Categories ArtPosted on

‘Ken. To be Destroyed’ by Sara Davidmann at The London College of Communication

This remarkable exhibition details a couple’s decision to contain the husband’s transgender identity during the repressive 1950s. It is the project of Reader in Photography Dr Sara Davidmann, who was their niece, and was conceived when she and her siblings came across a cache of letters, photographs and papers belonging to their mother Audrey Davidmann, marked ‘Ken. To be destroyed.’

K at the roadside between Inverness and Culloden Moor. From the series Looking for K/Finding K, 2015. Hand-coloured pigment print, 42 x 28cm.
K at the roadside between Inverness and Culloden Moor. From the series Looking for K/Finding K, 2015. Hand-coloured pigment print, 42 x 28cm.

These poignant letters written by Hazel Houston to her sister Audrey, detail Ken and Hazel Houston’s relationship as they come to terms with Ken’s dual identity. It’s easy to forget in these days of same-sex marriage and a growing acceptance and understanding of gender fluidity that in the fifties such openness was impossible. The exhibition, which is part of the Moose on the Loose Biennale of Research, will run from Wednesday 17th February to Saturday 26th March 2017, and will be accompanied by a series of events, talks and workshops, to coincide with LGBT History Month.

Letters and Papers. From the series Archive, 2016. Collaboration with Graham Goldwater. Pigment print. 25 x 38cm.
Letters and Papers. From the series Archive, 2016. Collaboration with Graham Goldwater. Pigment print. 25 x 38cm.

Davidmann observed how the surface of the photographs had been marked by the passage of time and extended this effect, working further on their surfaces using ink, chalks, magic markers and correction fluid. She created a series of fictional photographs of Ken using digital negatives, hand colouring, darkroom chemicals and bleach, that imagine Ken in his female persona, out of doors – an area that he could never have visited, though Hazel helped him to dress up in women’s clothes in the privacy of their home.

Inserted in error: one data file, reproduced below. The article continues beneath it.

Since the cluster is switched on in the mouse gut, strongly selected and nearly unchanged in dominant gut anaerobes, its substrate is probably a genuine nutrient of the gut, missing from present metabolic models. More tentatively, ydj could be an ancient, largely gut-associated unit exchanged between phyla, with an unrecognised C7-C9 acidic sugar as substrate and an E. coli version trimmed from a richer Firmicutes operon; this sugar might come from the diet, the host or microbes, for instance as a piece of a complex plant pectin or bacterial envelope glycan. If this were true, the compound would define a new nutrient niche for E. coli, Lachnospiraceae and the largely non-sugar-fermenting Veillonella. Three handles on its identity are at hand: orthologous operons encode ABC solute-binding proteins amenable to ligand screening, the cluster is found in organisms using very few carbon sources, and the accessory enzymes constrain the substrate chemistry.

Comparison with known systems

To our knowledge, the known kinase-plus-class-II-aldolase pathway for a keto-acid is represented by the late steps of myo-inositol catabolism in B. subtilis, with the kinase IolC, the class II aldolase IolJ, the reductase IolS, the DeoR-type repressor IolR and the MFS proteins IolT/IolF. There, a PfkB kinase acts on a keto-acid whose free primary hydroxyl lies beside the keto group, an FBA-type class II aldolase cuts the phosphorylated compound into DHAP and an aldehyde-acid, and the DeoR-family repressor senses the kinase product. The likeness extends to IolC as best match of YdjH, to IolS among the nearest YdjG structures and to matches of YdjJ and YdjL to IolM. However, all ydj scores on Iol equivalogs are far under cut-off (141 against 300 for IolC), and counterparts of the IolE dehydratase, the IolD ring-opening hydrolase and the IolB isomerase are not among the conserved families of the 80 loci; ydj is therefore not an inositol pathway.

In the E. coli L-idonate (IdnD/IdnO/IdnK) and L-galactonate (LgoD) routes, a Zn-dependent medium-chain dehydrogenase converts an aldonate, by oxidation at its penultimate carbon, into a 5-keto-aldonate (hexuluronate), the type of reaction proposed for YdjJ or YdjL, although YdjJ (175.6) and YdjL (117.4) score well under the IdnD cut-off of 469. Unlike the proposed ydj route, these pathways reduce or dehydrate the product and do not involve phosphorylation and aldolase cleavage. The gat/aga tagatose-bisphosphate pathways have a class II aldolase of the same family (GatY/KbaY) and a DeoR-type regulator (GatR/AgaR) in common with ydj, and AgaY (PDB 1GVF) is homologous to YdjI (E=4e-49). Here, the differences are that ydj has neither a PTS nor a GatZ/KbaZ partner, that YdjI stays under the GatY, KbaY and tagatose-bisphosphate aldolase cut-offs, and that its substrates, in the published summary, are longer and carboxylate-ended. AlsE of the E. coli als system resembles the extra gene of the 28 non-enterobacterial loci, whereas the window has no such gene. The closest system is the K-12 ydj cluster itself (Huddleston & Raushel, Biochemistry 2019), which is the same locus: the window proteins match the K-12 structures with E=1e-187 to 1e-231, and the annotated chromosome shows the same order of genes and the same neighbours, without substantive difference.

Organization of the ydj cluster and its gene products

Ken and Hazel. Undated vintage photograph, circa 1950.
Ken and Hazel. Undated vintage photograph, circa 1950.
The Dress II, 2014. Pigment print with ink, 100 x 75cm.
The Dress II, 2014. Pigment print with ink, 100 x 75cm.

What sticks with the viewer is how happy Ken looks as a woman in many of the photographs. The letters reveal a story of love, sacrifice and transgender identity and it is this context that gives the exhibition its innate humanity. Interesting too that the letters never were destroyed. What would Ken and Hazel have made of this level of exposure of their most private life? Surely, they would have been comforted by the level of empathy and understanding provoked by their story. SEEN was profoundly moved by the exhibition; like its subject, there is so much going on below the surface that repeat visits are essential.

www.arts.ac.uk

17th February – 24th March 2017

Upper Gallery
London College of Communication
Elephant and Castle
London
SE1 6SB

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